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measuring subwoofer idle power consumption


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I have a Rel Serie R-218 with a Class D amp. One of the reasons I wanted this was because of its "negligible" power consumption when left on but idle.

 

I noticed after being idle for 24 hours the back plate was quite warm.

 

I decided to measure power consumption, so I unplugged everything, then plugged it into one of those kill-o-watt meter things and into the wall.

 

It appears to consume about 50 Watts idle.

 

However, I also noticed the sub was emitting a rapid very low frequency signal when I had it plugged into the kill-o-watt thingie, making me wondering if the measurement device was interfering with the measurement.

 

WTF?

 

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Very cool. Never heard of the Kill-a-Watt thingie. Me want one.

 

I've been looking at clamp meters which do the same thing by measuring amperage. The difficulty is that the "clamp" can only go around one of the two power leads. Easily solved, but the Kill-a-Watt is simpler.

 

I can't imagine how the Kill-a-Watt is affecting the measurement, but stranger things can happen.

 

Peachtree Audio DAC-iT, Dynaco Stereo 70 Amp w/ Curcio triode cascode conversion, MCM Systems .7 Monitors

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You can get it for about $20 at Home Depot. It helps to figure out what appliances are reaming you.

 

The sub makes a rapid low-frequency thumping noise when plugged into it, and it takes power to do that, so in that sense it does seem to be interfering.

 

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Evidently. Hummm. Sounds like it may be pulsing on and off to measure current. Double hummm.

 

A clamp meter would solve it, but the cheapest I found are still pricy.

http://www.sears.com/shc/s/p_10153_12605_03482372000P?mv=rr

 

You'd need to buy a cheapie extension cord which allows you to seperate the two leads so that you can clamp around one of them.

 

Peachtree Audio DAC-iT, Dynaco Stereo 70 Amp w/ Curcio triode cascode conversion, MCM Systems .7 Monitors

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I suppose it somehow could be causing hum or such. Assuming that class D amp is no less than 70% efficient then you must be putting out at least a 30-35 watt signal.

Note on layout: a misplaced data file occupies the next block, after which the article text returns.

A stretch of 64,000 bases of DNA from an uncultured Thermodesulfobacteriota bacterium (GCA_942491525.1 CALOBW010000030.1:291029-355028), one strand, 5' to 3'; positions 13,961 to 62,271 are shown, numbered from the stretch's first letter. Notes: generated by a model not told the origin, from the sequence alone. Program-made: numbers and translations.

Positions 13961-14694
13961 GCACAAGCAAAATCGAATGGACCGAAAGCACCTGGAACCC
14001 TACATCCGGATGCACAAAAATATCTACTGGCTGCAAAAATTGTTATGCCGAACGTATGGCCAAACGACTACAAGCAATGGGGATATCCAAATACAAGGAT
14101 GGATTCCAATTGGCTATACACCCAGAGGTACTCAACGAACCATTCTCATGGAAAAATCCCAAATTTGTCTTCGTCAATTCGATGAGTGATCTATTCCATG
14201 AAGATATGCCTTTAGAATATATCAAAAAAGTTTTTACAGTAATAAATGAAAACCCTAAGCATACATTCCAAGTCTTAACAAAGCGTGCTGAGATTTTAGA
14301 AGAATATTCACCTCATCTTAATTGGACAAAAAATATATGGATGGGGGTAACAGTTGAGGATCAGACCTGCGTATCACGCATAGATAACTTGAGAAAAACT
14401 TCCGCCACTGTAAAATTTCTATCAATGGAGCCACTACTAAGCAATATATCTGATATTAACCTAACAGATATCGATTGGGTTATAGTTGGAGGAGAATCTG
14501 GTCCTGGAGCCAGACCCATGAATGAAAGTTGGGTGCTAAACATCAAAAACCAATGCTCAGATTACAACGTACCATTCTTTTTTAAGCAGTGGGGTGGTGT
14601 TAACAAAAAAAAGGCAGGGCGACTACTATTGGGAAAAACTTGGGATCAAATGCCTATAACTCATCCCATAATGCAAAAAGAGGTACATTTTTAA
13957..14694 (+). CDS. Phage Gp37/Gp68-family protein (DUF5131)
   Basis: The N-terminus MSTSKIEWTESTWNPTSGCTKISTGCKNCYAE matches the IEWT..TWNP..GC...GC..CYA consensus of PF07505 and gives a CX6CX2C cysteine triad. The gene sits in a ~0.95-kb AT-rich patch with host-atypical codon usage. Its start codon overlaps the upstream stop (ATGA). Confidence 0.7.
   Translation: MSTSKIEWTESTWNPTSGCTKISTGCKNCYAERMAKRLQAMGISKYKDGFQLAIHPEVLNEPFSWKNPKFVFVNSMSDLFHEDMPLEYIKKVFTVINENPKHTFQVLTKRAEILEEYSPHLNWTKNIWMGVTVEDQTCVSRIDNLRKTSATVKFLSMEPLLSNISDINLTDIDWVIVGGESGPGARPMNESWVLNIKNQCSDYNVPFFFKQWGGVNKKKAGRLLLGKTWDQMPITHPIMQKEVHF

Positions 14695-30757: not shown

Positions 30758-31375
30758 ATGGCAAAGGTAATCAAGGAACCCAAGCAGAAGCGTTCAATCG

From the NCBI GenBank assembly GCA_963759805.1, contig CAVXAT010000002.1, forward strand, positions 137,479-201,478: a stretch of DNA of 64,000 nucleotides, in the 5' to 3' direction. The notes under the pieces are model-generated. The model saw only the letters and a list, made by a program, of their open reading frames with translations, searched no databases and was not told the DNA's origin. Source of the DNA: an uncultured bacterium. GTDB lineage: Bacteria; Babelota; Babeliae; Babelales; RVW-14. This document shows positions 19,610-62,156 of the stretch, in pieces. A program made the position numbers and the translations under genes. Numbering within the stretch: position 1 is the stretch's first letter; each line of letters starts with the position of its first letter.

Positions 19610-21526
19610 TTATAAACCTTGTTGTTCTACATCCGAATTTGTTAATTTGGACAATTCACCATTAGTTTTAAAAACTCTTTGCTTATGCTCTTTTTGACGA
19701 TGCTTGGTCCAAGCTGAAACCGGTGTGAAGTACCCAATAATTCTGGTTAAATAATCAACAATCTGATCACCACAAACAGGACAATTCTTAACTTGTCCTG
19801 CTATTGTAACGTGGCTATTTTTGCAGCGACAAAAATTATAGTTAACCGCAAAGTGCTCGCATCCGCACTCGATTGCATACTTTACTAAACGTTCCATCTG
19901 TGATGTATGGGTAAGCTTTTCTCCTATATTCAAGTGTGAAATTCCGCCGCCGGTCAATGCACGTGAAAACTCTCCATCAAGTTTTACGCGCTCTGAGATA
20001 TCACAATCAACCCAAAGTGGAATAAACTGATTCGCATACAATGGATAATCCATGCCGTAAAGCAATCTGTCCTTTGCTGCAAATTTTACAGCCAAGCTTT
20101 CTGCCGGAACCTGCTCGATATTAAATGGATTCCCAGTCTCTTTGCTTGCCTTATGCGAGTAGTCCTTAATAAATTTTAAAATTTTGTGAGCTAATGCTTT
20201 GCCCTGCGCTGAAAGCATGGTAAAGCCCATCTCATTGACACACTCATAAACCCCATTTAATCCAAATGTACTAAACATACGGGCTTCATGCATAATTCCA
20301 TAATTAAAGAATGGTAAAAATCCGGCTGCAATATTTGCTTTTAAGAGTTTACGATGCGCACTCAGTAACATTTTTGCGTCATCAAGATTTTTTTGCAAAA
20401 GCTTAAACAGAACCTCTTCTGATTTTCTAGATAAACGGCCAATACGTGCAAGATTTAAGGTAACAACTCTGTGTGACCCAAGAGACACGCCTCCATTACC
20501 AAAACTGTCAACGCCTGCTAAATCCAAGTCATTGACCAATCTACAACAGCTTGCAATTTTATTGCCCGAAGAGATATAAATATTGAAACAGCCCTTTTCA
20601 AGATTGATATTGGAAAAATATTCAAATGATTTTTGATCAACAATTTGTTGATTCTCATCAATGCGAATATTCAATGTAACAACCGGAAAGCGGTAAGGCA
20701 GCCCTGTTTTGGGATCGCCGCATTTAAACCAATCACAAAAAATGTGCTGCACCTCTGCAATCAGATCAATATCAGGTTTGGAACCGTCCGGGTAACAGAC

Things to try:

 

At the audio signal input to the amp use a shorting plug. (I am NOT talking about shorting the AC connection-sorry I know you are not stupid, just want to be very clear for anyone else looking in on this)

 

Use one of those cheater plugs for measurement purposes. The kind of plug lets a two pin power cable plug into a 3 prong plug. See if breaking a ground loop helps. This might also be combined with not having a connection to amp input.

 

If you have a power strip with surge and noise suppression plug the Kill-a-watt into the wall, the strip into the Kill-A-Watt and then the sub amp into the strip. Maybe it will separate whatever is picking up garbage from the other piece of electronics.

 

Either with or without the suppression power strip, use a long extension cord to plug the kill-a-watt into a different part of your house wiring at a distance of several more feet away. This way the Kill-a-watt is several feet away from the switching amp and any high frequency garbage from one unit to the other is also several feet away.

 

And always keep in mind: Cognitive biases, like seeing optical illusions are a sign of a normally functioning brain. We all have them, it’s nothing to be ashamed about, but it is something that affects our objective evaluation of reality. 

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I have been using these for years. They are reasonably accurate (above 10W) and I can't see how it could affect the lad. i have used it with many different products including Class D amps.

 

Short the audio input on the woofer and confirm that its silent before adding the KAW. It sold be totally silent.

 

You may have a defective woofer or maybe yours does not have the class D amp. New products will need to meet the 1W max standby requirement. I think any I do will have the pre-technology standby option (an OFF switch). Otherwise meeting the requirement is a real burden.